Monday, December 17, 2018

On the way I speak

When the brother moved to Boston for college, now more than a decade ago, it took us a while to realise that he had developed an American accent, because for some reason, his accent appeared only when he spoke with Americans. I think the first time we all collectively realised it was when some of his college friends came to stay with us one summer, and we suddenly realised he sounded very different while speaking to them than when he spoke with us.

Some months after that, I was on the phone with him after he was back in Boston. A friend asked him something, so he turned to them to respond, and I could hear the accent creep back in. I teased him when he came back on the phone, and I remember him exclaiming, "dammit, I thought I was talking in my Indian voice tonight!"

When I moved to the US, I would periodically ask folks back at home if I had an accent yet, and was always assured I did not. I knew that even before I moved here I had a more anglicized way of speaking than perhaps the average Indian, so I always hoped that I wouldn't develop much of an accent and just continue to speak the same way.

My hopes were dashed the week before my graduation. My parents and brother had come to attend my graduation, and a couple of days after they arrived, I was on the phone with a friend. Midway through the call, she suddenly laughed and said, "you sound so much more Indian now that your family's here." When I ended the call, my father suddenly commented, "well, you had a definite twang while talking to her."

Needless to say, I was very confused.

I moved to Texas after graduation, and despite my ex-boss's warning to not develop a Texan accent, the word y'all entered my vocabulary very quickly. About a year after I moved here, I was talking about a former coworker, and found myself saying "bless her heart, but..." completely unironically, and knew it was too late.

My American coworkers now all laugh at how my voice organically becomes "more Indian" when talking to South Asian coworkers (there really are several). One particular coworker, who I do not like at all, has always been very blatant about eavesdropping on all conversations that go on around him, and once had the actual audacity to complain that he couldn't understand what me and another coworker were saying whenever we were talking, regardless of whether we spoke in English and Hindi, because our accents became "too Indian" for him to follow from his cube. I of course made sure all subsequent conversations were always in Hindi.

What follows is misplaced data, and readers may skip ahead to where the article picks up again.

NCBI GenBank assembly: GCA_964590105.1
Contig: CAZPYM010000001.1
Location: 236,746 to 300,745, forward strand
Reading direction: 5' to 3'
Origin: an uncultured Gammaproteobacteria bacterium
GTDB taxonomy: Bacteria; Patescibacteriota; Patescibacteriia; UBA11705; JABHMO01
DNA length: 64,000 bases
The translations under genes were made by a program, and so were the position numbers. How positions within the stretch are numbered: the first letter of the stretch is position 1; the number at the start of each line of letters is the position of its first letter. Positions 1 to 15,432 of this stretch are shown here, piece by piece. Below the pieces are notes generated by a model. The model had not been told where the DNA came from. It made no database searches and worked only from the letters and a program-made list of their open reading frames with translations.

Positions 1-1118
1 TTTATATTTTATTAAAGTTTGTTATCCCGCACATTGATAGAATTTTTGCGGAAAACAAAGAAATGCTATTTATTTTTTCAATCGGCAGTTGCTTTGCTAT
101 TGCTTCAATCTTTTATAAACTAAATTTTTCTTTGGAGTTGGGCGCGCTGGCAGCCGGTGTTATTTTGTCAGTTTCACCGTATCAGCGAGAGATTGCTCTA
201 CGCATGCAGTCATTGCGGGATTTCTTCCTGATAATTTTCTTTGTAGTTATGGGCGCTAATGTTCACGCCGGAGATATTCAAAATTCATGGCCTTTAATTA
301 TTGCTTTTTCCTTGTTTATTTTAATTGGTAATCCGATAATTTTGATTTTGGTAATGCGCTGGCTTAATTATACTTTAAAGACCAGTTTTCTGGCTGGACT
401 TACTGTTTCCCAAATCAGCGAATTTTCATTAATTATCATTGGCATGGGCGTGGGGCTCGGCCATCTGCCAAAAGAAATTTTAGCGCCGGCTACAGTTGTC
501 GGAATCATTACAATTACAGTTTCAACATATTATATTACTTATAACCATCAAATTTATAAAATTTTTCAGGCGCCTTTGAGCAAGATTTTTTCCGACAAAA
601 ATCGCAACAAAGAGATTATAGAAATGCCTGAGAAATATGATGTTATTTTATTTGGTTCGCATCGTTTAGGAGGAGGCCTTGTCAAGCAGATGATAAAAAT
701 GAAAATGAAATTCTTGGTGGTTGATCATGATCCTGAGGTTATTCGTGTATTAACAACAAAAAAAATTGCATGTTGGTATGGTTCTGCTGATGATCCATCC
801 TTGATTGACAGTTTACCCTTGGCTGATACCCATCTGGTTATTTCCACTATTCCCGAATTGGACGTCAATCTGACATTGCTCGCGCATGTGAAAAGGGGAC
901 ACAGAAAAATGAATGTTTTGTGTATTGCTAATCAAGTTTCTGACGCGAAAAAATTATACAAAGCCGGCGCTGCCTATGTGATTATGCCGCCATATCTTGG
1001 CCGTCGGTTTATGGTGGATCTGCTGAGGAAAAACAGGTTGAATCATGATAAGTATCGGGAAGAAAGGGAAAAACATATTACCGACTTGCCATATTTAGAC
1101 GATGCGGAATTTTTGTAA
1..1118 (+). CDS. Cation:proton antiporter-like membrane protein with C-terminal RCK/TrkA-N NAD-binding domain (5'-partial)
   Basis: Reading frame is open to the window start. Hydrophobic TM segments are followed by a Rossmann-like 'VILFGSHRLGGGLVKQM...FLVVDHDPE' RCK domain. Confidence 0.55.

But just like my brother didn't all those years ago, I don't usually realise whether I'm sounding "more Indian" or "more American". Recently though, that changed.

I am currently the product owner for the business teams for a large IT project. I've only been trying to get this project funded and kicked off since I joined this team four years ago, and now that it finally seems to be happening, it is consuming all my hours at work. Unsurprisingly, perhaps, a lot of the folks from IT working on this project happen to be Indian. I'm very often in a meeting room full of Indians, with only one or two non-Indians, and sometimes have to pause the conversation to remind people that just because I look like this does not mean I understand any of what they're saying and can they please break it down for me in layman's terms for the love of God.

Last week, one particular meeting had me, two architects from two different teams, and my lead developer - all of us Indian - in the room with our IT Program Manager, and my teammate from the business, neither of whom are Indian. The latter two were not really speaking much during the discussion, and given the topics of discussion, I was being... animate.

And suddenly, I could hear myself clearly. During a lull in the conversation, I IM'd my teammate: "I can feel my accent being extra Indian in this meeting."

I promptly got two IMs in rapid succession:
yea girl i can hear it
In fairness, the girl is 25.

But yes, my accent now flips between being Indian and American, and occasionally, depending on how emotional I am about a topic, Southern as well apparently.